Auctions and Bidding: A Primer
- (pp. 3-22)
AbstractThe "Winner's Curse," is just one of the surprising and puzzling conclusions turned up by modern research into auctions. Another is the theoretical proposition that, for example, a sealed-bid Treasury bill auction in which each buyer pays a price equal to the highest rejected bid would yield more revenue to the Treasury than the current procedure in which the winning bidder pays the seemingly higher amount equal to his own bid. There are also subtle results that demonstrate the equivalence of such apparently different institutions as the standard sealed-bid auction and the Dutch auction. Other results explain the use of standard auctions as the selling schemes that maximize the welfare of the bid-taker, or as schemes that lead to efficient allocations, minimize transaction costs, guard against corruption by the bid-taker's agents, or mitigate the effects of collusion among the bidders. Finally, for some environments, the theory makes sharp, testable predictions about the bids and profits of various classes of bidders. This paper relies mainly on theory to study these issues, but it will also review some experimental evidence and recent empirical studies testing the predictions of the theory.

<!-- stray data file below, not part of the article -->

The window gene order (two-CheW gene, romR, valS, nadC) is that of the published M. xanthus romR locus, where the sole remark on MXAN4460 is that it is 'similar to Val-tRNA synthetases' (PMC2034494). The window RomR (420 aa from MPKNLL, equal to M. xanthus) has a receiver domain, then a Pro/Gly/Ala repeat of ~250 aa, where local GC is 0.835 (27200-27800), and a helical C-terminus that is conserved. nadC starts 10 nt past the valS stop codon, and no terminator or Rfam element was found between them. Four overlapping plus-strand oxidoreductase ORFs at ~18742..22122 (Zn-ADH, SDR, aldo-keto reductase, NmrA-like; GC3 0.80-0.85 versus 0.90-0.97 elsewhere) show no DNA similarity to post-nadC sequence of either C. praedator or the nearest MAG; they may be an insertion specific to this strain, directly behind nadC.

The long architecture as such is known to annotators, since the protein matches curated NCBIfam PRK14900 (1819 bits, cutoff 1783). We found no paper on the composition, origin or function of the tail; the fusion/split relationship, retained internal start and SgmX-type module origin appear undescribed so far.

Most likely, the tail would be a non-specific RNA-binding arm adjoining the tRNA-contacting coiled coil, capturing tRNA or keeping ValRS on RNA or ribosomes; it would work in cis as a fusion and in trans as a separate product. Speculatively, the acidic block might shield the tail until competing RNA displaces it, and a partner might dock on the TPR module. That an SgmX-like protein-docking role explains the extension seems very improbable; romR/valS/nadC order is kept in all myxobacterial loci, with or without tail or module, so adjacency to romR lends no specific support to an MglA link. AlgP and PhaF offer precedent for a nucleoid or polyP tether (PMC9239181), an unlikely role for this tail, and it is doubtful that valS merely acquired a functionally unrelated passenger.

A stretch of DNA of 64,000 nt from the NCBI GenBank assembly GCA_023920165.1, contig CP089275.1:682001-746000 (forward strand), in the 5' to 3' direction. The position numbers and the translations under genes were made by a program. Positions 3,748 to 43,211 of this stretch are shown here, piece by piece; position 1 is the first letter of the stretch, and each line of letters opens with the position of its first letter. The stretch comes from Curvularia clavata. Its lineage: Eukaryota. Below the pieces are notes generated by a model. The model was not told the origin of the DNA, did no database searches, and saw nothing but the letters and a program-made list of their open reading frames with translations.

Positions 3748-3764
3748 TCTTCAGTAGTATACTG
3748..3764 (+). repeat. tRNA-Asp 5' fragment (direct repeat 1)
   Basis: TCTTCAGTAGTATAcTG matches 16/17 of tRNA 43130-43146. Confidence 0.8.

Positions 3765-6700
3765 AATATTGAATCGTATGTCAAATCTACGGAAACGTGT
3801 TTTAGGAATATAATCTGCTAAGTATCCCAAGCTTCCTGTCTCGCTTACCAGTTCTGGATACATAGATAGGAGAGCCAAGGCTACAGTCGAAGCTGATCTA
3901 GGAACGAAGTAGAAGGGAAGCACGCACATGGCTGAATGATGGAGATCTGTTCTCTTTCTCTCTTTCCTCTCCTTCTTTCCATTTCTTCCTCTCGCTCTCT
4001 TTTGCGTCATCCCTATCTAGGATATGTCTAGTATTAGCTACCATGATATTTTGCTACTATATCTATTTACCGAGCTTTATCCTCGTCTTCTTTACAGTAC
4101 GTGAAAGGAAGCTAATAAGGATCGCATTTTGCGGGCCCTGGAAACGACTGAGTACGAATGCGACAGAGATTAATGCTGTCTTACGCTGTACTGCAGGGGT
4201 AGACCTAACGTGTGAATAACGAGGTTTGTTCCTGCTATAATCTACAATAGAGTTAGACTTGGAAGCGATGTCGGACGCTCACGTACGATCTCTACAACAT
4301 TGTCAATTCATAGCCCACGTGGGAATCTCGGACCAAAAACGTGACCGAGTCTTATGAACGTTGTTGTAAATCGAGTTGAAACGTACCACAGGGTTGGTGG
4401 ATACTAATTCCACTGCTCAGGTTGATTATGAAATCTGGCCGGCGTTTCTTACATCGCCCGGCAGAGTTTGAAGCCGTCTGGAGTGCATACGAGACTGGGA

CitationMilgrom, Paul. 1989. "Auctions and Bidding: A Primer." Journal of Economic Perspectives, 3 (3): 3-22. DOI: 10.1257/jep.3.3.3
- 022 Microeconomics--Theory of Auction Markets